Sometimes, of course, you can address concerns and make the sale. If a person is worried that her order won’t ship within 3 days, but you assure her that she can get it in 48 hours, done! She’s buying!
Script #3: for a potential customer you’ve already met or know reasonably well
In this case, you get personal. The more details you can add to show that you’re listening, that you understand the concerns being expressed, and that you’re a human who actually gives a shit about this person, the better your sale will be. (Also, the better your LIFE will be.)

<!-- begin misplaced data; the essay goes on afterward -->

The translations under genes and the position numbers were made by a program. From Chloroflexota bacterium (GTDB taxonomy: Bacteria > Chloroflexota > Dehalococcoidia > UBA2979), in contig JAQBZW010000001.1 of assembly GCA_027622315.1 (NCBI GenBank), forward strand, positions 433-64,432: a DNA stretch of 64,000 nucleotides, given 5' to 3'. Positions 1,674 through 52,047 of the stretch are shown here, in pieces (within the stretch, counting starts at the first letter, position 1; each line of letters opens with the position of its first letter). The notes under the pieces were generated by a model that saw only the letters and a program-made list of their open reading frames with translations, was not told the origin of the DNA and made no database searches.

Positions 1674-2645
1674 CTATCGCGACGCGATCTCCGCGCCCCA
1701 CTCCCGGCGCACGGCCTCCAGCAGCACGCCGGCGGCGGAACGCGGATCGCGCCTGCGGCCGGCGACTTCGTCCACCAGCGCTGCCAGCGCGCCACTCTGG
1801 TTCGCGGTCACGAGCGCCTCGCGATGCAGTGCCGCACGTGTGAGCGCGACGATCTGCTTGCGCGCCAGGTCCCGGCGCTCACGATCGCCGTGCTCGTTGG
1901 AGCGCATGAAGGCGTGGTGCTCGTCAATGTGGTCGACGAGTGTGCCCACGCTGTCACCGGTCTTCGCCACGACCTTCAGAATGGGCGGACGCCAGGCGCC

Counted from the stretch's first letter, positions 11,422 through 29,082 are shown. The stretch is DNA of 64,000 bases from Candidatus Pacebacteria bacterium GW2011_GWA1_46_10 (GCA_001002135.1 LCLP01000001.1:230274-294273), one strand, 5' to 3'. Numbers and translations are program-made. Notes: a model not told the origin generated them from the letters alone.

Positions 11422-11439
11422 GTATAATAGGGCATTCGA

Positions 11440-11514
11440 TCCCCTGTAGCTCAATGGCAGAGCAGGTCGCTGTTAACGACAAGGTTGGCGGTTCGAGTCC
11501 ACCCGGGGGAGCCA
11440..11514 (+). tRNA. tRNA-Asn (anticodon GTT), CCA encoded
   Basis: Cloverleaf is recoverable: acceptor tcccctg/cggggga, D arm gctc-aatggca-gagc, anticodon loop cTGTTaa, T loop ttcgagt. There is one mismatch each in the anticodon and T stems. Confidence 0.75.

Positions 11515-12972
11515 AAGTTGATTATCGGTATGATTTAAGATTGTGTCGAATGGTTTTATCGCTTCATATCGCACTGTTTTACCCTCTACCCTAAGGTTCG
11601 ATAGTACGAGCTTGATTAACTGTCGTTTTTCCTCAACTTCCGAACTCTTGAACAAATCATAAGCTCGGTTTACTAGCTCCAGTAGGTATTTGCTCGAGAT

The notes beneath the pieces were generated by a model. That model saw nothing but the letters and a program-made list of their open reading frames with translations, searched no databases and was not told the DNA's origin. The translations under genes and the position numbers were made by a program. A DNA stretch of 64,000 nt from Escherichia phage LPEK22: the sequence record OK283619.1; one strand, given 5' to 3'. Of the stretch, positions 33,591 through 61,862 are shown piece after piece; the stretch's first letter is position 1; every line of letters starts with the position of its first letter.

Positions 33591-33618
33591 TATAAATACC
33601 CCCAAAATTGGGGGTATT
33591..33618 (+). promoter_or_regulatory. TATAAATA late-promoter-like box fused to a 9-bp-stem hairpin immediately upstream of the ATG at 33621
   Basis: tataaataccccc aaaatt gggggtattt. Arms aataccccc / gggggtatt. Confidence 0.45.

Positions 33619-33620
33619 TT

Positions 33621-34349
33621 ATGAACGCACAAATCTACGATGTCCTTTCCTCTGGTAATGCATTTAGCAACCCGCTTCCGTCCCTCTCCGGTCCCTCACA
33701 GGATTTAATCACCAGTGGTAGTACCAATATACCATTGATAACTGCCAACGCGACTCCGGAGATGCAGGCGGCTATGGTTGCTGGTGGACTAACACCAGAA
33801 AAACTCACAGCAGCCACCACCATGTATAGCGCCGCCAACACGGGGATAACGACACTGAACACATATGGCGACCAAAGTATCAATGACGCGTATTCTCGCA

I’m so excited to work with you, and I’m popping into your inbox to see if you had any additional questions for me about _________.
When we talked, you mentioned __________, and I’m totally going to ___________ as a result.
I’ll circle back around in 72 hours to check again, since I know you’re busy!
When are you going to follow up with every inquiry, question, or potential booking that crosses your inbox in the next few days? Set up a follow-up time frame — like 24 hours, 48 hours, or 72 hours — and then put it on your calendar.
Pencil that in, and you’ll find that you’re seeing more money flowing into your business without a whole lot more effort. You’re just mastering the art of being patiently persistent. And you’re no longer afraid of the “f” word: follow-up.